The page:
- Building partnerships with agencies that specialize in youth mental health services to address student’s mental health needs. Many of the agencies we have partnered with send providers to schools to render services. Many of our schools host School-Based Health Centers in their buildings that include full-time mental health clinicians to serve students
- In addition to external mental health agencies, school-based counselors, PI Specialists, social workers, and nurses provide mental health screenings and intervention services including counseling and referrals.
Sexual Health Education
Seattle Public Schools provides sexual health education that encourages family communication, respects diverse community values, and builds positive attitudes and skills needed to reduce rates of pregnancy, STDs and sexual violence.
Sexual Health Education prepares students to:
- Understand the changes that happen during puberty
- Abstain from sex
- Use condoms and birth control when they do have sex
- Build skills to have healthy relationships
- Ask for consent to engage in sexual activity and respect the boundaries of their partner
- Communicate with their family about sexual health and dating
- Make decisions that minimize risk to their sexual health
- Seek medical care in order to take care of their reproductive health
- Intervene or support when someone is being harmed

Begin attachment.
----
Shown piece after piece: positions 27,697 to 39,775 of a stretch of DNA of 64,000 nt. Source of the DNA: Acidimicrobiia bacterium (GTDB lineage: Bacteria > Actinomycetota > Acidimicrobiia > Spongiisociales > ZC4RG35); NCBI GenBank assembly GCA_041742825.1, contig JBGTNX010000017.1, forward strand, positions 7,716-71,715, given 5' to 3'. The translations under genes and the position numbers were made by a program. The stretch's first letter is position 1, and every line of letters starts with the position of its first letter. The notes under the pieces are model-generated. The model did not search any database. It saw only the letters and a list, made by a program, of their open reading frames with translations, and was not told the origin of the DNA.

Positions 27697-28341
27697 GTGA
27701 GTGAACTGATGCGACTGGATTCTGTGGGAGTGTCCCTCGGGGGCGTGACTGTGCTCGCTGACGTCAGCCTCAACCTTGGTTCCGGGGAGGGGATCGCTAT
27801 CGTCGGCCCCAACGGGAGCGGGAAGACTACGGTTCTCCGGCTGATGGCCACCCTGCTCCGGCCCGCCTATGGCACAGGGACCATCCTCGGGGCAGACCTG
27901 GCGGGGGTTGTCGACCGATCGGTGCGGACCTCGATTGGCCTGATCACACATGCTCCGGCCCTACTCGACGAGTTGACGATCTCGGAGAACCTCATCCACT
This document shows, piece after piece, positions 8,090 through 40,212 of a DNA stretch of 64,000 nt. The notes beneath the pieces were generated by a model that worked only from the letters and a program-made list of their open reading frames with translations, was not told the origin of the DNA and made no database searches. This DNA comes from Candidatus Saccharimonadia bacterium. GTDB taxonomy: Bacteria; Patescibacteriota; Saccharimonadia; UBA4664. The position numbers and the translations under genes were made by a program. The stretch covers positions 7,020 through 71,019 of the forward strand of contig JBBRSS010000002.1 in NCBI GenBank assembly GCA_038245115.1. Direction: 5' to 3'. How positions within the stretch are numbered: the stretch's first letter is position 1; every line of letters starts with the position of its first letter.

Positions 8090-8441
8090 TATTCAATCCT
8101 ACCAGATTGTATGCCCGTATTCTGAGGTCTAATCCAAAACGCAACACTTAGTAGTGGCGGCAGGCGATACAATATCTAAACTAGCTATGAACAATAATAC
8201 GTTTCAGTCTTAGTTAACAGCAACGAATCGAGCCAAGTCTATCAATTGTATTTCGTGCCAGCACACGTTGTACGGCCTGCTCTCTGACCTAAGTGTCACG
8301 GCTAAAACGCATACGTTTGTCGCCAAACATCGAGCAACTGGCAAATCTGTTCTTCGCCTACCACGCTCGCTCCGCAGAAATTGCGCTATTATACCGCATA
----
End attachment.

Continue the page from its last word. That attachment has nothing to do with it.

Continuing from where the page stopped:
- Know how to access community resources
For more information, please visit the Seattle Public Schools’ Sexual Health Education page Families can also contact the following staff depending on their student’s grade level:
Behavioral Health Screening
Universal screening for behavioral health issues can help with early identification of students who are at-risk or in need of intervention, as research suggests that significantly more students require mental health or behavioral services than those who currently receive them. Seattle Public Schools administers selected behavioral health screeners at designated grade levels within many of our schools. These screening tools include the Strengths and Difficulties Questionnaire, Check Yourself, and Global Appraisal of Individual Needs. We recognize that family is the first source of support for a child’s behavioral health and ensure parents/guardians are notified of any intent to screen their child, given the opportunity to preview the screening materials, and provided the option to remove their child from participation. Please contact your child’s school to learn more about any screenings they may be administering to students.
SBIRT (Screening, Brief Intervention, and Referral To Services) is a framework that the SPS Prevention and Intervention Program supports at several secondary schools. SBIRT includes a universal screening component using the Check Yourself screener.
Healthy Youth Survey
Our middle and high schools administer this survey every two years to measure various health-related issues including mental and sexual health and substance use. Survey results not only indicate changes in health behavior, they are also used to help identify areas where students need support. Read more about this survey.